Today’s dark skies and heavy rain have driven us indoors for what started out as a low-energy day. But now it’s even quieter—as in “too quiet.”
I can feel my anxiety rising. But as I look around and see the children engaged in deep, calm block play—with wooden blocks strewn all over our classroom—I break into a smile.
The morning’s inclement weather has led to a play buzz!
We spend a major part of our days building something. I credit all of this productivity to our unit blocks. Loose parts enhance the block-play experience, leading to an even richer, deeper level of creativity.
I’ve mentioned our love of Magnatiles in the past, but I secretly worry that these magnetic tiles turn us into lazy builders. When we return to wooden blocks—and unit blocks in particular—my heart soars and I love teaching all the more. I know that I’m biased, but I truly believe that—if we were to limit the learning materials in early childhood classrooms to blocks, loose parts and great books—we’d have everything we need to prepare our youngest learners for success in school and in life.
An inviting block-play area will create limitless possibilities for hands-on investigating and experimenting. When you integrate math, science and engineering into your block activities by giving the children time to explore and investigate, the learning becomes even more relevant. If you create a space where children can keep their block projects set up overnight, that would be ideal. Ownership over a construction project is important to a child. By respecting what a child creates, as well as the effort that went into that creation, we also honor the child.
I am a firm believer that you can’t have too much space for a block area. The bigger the better! Repurpose a rarely used area for block play and make it as big as you can. You won’t regret it!
See that dress-up unit in the corner (above), next to the child resting on the floor? (I told you it was a low-energy morning!) I took it out and replaced it with shelving for loose parts to be used in our block area.
We get the most bang for our brains with block play, so the space that we allocate for blocks becomes our most valuable real estate.
Productive block play takes time, so 15-20 minutes won’t be sufficient.
You can’t teach creativity. But you can give children the gift of time for hands-on investigations with materials that encourage creative play. These extended play periods foster a deeper level of engagement, which will help your early learners meet their benchmarks faster than you can check them off of the learning standards list!
Early education activities should tap into a child’s natural curiosity. While playing with blocks, children learn important concepts such as measurement, spatial reasoning, comparison, estimation, symmetry and balance. You can call it STEAM, but kids just call it fun.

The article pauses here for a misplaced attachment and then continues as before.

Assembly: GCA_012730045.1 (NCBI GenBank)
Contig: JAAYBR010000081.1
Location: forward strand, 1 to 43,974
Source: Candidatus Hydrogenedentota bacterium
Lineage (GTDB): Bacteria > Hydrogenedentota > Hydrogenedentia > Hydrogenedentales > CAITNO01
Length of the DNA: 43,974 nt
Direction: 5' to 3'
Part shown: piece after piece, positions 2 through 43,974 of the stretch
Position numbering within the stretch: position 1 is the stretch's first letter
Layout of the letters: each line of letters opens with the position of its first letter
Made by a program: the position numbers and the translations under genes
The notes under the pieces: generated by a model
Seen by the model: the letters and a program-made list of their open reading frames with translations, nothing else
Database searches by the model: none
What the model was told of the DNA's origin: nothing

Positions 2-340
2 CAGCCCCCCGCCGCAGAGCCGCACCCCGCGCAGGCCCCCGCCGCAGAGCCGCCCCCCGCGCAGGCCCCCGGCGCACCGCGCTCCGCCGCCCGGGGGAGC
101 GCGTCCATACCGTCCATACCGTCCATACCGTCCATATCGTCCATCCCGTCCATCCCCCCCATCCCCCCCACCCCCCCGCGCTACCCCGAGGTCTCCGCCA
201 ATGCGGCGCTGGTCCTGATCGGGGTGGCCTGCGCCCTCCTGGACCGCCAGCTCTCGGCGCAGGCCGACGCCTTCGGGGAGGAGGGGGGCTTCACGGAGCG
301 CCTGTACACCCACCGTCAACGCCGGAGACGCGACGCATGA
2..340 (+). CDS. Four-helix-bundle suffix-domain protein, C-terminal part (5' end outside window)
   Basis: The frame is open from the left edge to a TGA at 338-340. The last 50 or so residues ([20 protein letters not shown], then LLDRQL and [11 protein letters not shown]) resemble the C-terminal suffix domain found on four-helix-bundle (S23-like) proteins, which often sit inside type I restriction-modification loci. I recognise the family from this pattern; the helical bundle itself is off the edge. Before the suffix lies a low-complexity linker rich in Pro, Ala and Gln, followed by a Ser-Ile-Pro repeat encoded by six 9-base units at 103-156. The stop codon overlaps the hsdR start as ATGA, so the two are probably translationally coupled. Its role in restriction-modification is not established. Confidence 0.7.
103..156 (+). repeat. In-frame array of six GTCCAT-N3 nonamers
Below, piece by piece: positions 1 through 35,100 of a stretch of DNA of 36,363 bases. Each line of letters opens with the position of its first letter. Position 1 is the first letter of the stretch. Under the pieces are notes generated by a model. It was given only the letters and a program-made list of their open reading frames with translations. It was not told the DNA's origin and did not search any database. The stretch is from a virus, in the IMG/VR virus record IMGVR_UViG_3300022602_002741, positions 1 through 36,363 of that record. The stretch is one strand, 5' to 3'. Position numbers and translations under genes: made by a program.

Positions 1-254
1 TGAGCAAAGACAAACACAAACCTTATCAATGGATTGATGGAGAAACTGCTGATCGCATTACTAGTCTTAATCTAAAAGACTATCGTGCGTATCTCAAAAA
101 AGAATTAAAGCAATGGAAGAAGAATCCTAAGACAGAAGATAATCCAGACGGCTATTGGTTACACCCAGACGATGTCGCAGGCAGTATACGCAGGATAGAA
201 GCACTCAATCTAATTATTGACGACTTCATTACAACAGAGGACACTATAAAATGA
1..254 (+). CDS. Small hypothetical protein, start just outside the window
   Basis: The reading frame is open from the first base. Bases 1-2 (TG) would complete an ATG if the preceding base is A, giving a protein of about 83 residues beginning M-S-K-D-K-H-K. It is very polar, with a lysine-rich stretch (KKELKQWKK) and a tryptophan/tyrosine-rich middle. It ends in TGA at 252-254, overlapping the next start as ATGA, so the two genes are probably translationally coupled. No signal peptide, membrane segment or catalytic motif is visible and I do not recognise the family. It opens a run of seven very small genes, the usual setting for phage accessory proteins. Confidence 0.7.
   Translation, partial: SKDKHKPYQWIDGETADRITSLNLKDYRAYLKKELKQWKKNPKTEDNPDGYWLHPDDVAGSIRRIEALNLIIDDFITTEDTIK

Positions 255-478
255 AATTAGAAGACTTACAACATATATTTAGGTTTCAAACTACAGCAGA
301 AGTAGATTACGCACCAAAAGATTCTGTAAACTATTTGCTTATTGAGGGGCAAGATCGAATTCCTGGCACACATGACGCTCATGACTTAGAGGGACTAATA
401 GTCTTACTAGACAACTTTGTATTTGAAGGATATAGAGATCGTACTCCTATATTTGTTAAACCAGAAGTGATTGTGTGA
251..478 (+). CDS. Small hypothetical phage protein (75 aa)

“Sally! Watch this!” Jimmy calls out. “My car is going to knock down these trees!” Jimmy has summoned his friends over to share in his playful experimentation with ramps, speed and gravity.
Inclined planes offer endless opportunities for children to experiment and make repeated attempts to achieve their desired outcomes. As they experiment with inclines, children begin asking questions, which leads to further scientific and mathematical investigation.
Sally loses interest in Jimmy’s experiment and moves across the room to join another child building a block tower. Noelle takes Sally’s place by Jimmy and joins in his ramp play.
Block building follows the natural flow of children’s curiosity and concentration. As they “go with the flow,” they are enjoying the learning process while continuing to develop their STEAM skills.
People often talk about the ways in which block play promotes the development of fine-motor skills and other areas of physical development. But you rarely hear educators talk about the executive function and self-regulation skills that children develop through block play. Working as a team or carefully adding a block to a tower without knocking it down requires self-control, patience, persistence and resilience.
Block play is always developmentally appropriate—regardless of a child’s developmental level. Learning happens when we give children the gifts of time, blocks and lazy days.
So, the next time the sky is gray and the air is wet with rain and everyone’s energy is as low as the barometric pressure, why not toss out your planned activities and allocate a big, juicy stretch of time to block play?
You’ll be amazed at how much learning happens when we go with the flow and let our early learners investigate and experiment to their heart’s content or (heck) just lie around and observe their friends!